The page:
The orange roughy, a reddish-orange fish that dwells 500 to 6,000 feet below the sea’s surface, takes its sweet time growing and maturing. They only start to reproduce between 20 and 40 years of age, but can live to be older than 150 years.

Before getting a rebrand to appeal to human customers, orange roughy used to be called “slimeheads” for an obvious reason: they exude mucus from channels on their heads and bodies. Gross as it sounds, these slimy organs actually detect tiny changes in water pressure, helping orange roughy excel at the art of predator avoidance.

Unfortunately, orange roughy aren’t able to avoid fishing nets. Throughout most of their range, they’ve been severely overfished. Since they take so long to grow and reproduce, it may be decades before their populations can recover. The deep-sea trawling equipment that’s used to catch them also bulldozes corals and scoops up many non-target species, making this fishery doubly unsustainable.

Rather than eating orange roughy, it’s better to choose sustainable seafood and admire slimeheads where they belong: peacefully growing old a mile below the waves. 

2. "Ming" the Ocean Quahog

Claim to fame: Oldest animal (verified)
Age: 507 years
Longevity secret: Stay young at heart

Ming, an ocean quahog, is the oldest animal in the world

Pity poor Ming. Born sometime during the Ming Dynasty, this ocean quahog met its end when researchers were dredging the seabed in North Iceland. By counting its growth bands and dating the carbon in its shell, scientists determined that this clam settled onto the seafloor approximately 507 years ago.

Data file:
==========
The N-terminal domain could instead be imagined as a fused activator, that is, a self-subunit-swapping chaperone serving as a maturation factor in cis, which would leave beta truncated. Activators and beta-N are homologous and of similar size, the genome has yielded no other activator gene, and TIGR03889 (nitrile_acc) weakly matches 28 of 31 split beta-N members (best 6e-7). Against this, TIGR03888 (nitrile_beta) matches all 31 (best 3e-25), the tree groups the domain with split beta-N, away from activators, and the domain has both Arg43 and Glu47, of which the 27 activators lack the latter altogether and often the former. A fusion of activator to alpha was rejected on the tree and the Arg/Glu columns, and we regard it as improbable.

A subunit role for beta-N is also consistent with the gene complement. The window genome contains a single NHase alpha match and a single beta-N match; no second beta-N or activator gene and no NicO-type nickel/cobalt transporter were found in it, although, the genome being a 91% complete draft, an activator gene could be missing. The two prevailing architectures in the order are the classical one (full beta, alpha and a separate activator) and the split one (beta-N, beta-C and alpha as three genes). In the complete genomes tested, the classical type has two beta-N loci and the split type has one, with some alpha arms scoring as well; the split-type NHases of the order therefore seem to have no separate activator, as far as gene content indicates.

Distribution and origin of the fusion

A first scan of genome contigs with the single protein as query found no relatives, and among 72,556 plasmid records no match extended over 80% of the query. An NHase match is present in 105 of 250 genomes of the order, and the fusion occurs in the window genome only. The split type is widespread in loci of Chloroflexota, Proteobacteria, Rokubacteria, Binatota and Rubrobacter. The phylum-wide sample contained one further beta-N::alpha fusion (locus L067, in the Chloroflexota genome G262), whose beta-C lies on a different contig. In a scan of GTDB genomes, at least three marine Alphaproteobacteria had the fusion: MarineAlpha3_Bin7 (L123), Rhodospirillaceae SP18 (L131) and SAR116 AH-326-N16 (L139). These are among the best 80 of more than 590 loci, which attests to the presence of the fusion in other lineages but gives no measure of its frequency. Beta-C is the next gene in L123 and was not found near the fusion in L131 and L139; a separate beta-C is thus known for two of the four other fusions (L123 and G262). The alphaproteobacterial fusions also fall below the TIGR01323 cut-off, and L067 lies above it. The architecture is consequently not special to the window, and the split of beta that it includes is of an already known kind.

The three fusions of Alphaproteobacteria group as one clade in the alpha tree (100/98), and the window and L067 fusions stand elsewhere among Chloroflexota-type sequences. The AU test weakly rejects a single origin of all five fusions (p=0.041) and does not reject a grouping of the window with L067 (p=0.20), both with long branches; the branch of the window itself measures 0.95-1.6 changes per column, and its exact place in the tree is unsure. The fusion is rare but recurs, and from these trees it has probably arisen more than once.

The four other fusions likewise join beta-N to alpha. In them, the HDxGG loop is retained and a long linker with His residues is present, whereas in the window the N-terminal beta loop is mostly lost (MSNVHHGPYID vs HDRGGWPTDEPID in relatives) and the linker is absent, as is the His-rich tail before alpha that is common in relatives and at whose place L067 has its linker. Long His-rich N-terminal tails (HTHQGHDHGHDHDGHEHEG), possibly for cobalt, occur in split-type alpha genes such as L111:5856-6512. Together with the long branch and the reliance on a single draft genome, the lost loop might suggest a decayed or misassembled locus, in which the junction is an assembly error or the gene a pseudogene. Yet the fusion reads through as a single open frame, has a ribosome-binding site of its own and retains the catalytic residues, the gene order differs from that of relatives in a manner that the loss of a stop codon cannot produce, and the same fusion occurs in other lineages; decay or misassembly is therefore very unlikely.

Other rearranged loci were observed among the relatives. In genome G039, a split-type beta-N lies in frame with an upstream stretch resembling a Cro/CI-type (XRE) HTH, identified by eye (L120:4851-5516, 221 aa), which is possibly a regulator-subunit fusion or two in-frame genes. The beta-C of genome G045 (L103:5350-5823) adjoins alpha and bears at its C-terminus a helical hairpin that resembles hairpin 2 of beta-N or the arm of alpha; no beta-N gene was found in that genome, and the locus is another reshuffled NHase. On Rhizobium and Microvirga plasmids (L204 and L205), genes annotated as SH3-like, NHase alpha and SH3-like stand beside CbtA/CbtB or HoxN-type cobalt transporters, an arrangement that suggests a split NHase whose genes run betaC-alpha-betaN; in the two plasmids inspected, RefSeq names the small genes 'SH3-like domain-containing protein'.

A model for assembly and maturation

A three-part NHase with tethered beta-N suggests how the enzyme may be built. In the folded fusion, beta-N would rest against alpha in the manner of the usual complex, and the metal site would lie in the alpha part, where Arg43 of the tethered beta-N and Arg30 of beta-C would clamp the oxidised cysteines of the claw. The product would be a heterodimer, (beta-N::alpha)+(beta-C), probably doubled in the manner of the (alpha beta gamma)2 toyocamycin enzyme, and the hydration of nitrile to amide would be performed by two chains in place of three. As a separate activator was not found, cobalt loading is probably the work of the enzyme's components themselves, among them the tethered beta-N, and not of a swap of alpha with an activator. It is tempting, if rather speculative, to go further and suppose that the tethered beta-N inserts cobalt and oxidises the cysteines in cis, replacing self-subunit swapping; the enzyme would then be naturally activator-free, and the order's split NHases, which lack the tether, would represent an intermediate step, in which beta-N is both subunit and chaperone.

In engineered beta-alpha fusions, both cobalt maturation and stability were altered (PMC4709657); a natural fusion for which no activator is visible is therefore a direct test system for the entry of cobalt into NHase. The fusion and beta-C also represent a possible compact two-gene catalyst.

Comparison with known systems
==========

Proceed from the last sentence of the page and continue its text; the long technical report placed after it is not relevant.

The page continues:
Ming, and other long-lived clams like it, continue to grow but don’t appear to grow old — the bivalve equivalent of a 90-year-old human with the body and mind of a 20-year-old. 

1. Antarctic sponge

Anoxycalyx joubini, the giant antarctica volcano sponge, is the oldest animal on earthClaim to fame: Oldest animal (unverified)
Age: 15,000 years
Longevity secret: Take things slow

Snow-white and shaped like a beer barrel, one individual of the Antarctic sponge species Anoxycalyx joubini may be the oldest living animal yet discovered —by a long shot. Taking into account its size and the average growth rate of its species, one researcher calculated that this enormous specimen could be up to 15,000 years old.

Just how old is 15,000 years? When this sponge was just a baby, wooly mammoths still roamed the world, humans had yet to colonize the Americas beyond northern Canada, and the basins that would become the Great Lakes were still almost entirely buried beneath a miles-thick ice sheet.

Even at half its estimated age, Anoxycalyx joubini would still be the oldest animal on earth, and among the oldest of all organisms, period. By contrast, the famous bristlecone pines in California live a measly 5,000 years

Protecting Marine Methusalehs

These five marine Methuselahs, like all ocean organisms, depend on healthy habitats and an adequate food supply to live out their incredible lives. Oceana works to protect marine life, both ancient and short-lived, from habitat destruction, pollution, and overfishing